Syllabus and general information for MCS-243: Relational Databases (January 2000)


Essentially all contemporary information systems used in commerce use relational database technology. This course provides an introduction to this technology, both as a collection of hands-on skills and as a conceptual subject with mathematical foundations.

Office hours

I do not plan to have scheduled office hours this January. Instead, I will be in my office most of the day (outside our class times) most days. You can make an appointment if you want to be sure I'll be there, or you are welcome to just drop by.

World Wide Web

All course materials will be available through my World Wide Web page. The URL for this course is After this syllabus I will give hardcopy handouts only to those students who want them.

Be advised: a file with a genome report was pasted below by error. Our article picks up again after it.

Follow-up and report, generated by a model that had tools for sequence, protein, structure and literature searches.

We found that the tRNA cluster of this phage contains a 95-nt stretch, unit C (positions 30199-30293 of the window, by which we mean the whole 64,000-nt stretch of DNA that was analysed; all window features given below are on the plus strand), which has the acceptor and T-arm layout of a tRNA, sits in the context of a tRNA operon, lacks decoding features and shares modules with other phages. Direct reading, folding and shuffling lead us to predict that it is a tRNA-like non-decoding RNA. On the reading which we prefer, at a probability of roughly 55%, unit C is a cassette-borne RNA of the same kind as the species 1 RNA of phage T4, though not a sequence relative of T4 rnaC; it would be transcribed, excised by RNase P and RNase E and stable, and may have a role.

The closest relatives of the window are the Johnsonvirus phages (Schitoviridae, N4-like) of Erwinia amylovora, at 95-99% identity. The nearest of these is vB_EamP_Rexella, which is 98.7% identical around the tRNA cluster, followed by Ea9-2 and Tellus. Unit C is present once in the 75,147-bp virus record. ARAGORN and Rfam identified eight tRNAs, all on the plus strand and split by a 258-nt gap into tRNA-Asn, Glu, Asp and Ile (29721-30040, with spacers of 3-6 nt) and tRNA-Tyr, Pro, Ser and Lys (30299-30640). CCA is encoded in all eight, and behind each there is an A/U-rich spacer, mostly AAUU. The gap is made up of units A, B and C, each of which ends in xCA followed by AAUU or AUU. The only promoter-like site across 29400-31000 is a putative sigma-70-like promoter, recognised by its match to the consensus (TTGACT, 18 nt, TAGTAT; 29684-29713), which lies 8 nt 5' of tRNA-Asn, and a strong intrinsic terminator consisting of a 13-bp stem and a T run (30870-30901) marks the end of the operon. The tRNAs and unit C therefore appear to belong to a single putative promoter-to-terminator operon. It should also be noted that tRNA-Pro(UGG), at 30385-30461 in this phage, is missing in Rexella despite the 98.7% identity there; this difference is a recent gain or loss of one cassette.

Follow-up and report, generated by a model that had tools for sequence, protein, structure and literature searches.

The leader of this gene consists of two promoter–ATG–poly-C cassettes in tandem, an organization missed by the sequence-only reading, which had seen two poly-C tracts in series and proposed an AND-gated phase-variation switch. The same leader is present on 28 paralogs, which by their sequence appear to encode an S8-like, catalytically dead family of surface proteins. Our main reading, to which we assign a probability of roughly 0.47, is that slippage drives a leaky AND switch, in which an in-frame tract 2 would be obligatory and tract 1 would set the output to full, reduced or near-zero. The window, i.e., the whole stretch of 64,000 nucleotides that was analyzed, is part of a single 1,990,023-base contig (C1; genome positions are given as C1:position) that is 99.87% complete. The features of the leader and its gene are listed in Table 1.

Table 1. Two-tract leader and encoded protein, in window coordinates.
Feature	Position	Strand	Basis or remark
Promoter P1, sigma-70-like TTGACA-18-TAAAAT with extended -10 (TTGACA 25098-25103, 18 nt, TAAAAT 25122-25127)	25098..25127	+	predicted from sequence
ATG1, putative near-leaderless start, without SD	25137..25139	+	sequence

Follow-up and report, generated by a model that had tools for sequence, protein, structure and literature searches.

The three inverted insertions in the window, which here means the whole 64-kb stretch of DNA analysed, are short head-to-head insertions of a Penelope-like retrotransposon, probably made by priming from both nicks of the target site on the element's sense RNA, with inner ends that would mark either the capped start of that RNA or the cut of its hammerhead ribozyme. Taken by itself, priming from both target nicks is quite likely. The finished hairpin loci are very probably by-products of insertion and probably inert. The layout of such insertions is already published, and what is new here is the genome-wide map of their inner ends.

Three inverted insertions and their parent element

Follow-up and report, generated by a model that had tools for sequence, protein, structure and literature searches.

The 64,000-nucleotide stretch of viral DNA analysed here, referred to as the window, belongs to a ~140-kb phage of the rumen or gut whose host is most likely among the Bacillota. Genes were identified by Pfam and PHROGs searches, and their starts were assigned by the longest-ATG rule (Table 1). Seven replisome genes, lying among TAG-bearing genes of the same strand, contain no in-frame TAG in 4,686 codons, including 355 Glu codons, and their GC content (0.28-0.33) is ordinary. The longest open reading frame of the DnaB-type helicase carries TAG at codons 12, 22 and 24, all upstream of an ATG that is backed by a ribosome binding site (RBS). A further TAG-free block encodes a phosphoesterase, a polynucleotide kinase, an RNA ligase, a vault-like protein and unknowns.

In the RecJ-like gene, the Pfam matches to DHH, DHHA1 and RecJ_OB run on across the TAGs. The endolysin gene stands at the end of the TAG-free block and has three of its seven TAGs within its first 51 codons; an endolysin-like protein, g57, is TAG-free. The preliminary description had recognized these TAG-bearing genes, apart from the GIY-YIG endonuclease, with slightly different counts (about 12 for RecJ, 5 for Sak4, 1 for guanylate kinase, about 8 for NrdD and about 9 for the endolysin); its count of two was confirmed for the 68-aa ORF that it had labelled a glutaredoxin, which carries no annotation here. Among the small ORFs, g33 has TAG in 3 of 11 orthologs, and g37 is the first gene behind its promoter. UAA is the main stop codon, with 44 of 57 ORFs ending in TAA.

Our text will be the first edition of Database: Principles, Programming, Performance by Patrick O'Neil, published by Morgan Kaufmann.

Class and lab times

Other than the first and last days of the term, I intend to allocate a portion of our class time each day to lab sessions. On Thursday the 13th and Thursday and Friday the 20th and 21st the lab session will be in the 9:00-10:00 time block, so as to leave the 10:30-12:00 block free for the midterm (on the 13th) and the guests from industry (on the 20th and 21st). The remaining 15 days I expect we will normally have class 9:00-10:00 and lab from 10:30-12:00. However, if at some point it seems we need more class time (and less lab time), I may reverse the two blocks.